His books were said to have had an impact on leaders of the 2011 Arab Spring protests in Cairo's Tahrir Square against Egyptian president Hosni Mubarak. Dr. Sharp said perhaps the most important lesson embraced by the young activists, whose persistence led to Mubarak's resignation, was loss of fear.
"Once a regime is no longer able to frighten people," he told NPR, "and people then act wisely and keep nonviolent discipline, which is extremely important, then that regime is in big trouble."
Gene Elmer Sharp was born Jan. 21, 1928, in North Baltimore, Ohio, and spent his high school years in Columbus. His father was a traveling Protestant minister, his mother a teacher. He was a 1949 graduate of Ohio State University, where he also received a master's degree in sociology in 1951.
He moved to New York and worked as an elevator operator and a guide for a blind social worker. "I wasn't interested in having a real job," he told the New York Times in 2012. "I wanted subway fare and food and to research Gandhi."
He protested his conscription for military service during the Korean War. Arrested and convicted as a conscientious objector, he served more than nine months in the Danbury, Conn., federal prison. He passed the time reading.
Aware that physicist Albert Einstein was a pacifist, Dr. Sharp wrote to him at Princeton University for his views on conscientious objection. The scientist wrote to the 25-year-old dissident: "I earnestly admire you for your moral strength and can only hope although I really do not know that I would have acted as you did had I found myself in the same situation."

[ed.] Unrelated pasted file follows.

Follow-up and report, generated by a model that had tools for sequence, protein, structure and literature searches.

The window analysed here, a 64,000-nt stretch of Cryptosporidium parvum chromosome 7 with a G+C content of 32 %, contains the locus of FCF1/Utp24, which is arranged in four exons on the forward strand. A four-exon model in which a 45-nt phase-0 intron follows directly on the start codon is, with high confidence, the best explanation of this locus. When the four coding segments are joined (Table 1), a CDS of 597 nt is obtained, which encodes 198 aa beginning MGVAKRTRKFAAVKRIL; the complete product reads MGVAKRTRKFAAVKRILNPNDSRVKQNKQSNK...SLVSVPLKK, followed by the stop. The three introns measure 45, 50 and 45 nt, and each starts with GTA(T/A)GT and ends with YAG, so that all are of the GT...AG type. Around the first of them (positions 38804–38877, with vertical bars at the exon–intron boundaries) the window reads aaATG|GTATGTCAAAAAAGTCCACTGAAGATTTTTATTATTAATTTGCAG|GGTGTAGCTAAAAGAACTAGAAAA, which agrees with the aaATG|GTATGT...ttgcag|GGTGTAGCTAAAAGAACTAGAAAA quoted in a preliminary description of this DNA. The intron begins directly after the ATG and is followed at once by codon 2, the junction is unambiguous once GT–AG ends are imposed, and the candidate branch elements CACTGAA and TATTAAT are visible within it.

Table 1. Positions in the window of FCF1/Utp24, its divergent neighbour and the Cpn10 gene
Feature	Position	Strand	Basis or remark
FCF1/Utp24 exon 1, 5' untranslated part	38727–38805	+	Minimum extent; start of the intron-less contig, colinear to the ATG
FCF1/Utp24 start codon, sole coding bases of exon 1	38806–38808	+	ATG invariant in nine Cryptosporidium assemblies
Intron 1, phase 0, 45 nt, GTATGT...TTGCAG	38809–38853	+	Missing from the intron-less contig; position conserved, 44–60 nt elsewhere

Uplifted by the reply, Dr. Sharp, then working on his book "Gandhi Wields the Weapon of Moral Power," persuaded Einstein to write the foreword. It came out in 1960, five years after Einstein's death. In the intervening years, Dr. Sharp worked in the United States for pacifist A.J. Muste and spent a period in Norway, studying the country's nonviolent resistance movement against a pro-fascist regime during World War II. Some citizens, he noted, put a potato or toothpick on their clothes as a silent protest.
"Everyone always talks about the boys in the mountains fighting against the Nazis," he told the Times, "but what interested me was the teachers, the clergy and the labor movement. Those were the real resisters."
Dr. Sharp received a doctorate in political theory from the University of Oxford in 1968. He taught political science and sociology at the University of Massachusetts at Dartmouth, among other colleges.
Among his honors was the 2012 Right Livelihood Award, sometimes called the Alternative Nobel. He was the subject of Ruaridh Arrow's 2011 documentary "How to Start a Revolution."
Dr. Sharp never married. Survivors include a brother.
"In a world that often considers the use of force as the only 'realistic' option when confronted with crises and threat, Gene Sharp dedicated his life's work to show us another way," said Randall Amster, director of the Justice and Peace Studies Program at Georgetown University. "We have lost a great peacemaker."
Colman McCarthy, a former Washington Post columnist, directs the Center for Teaching Peace in Washington.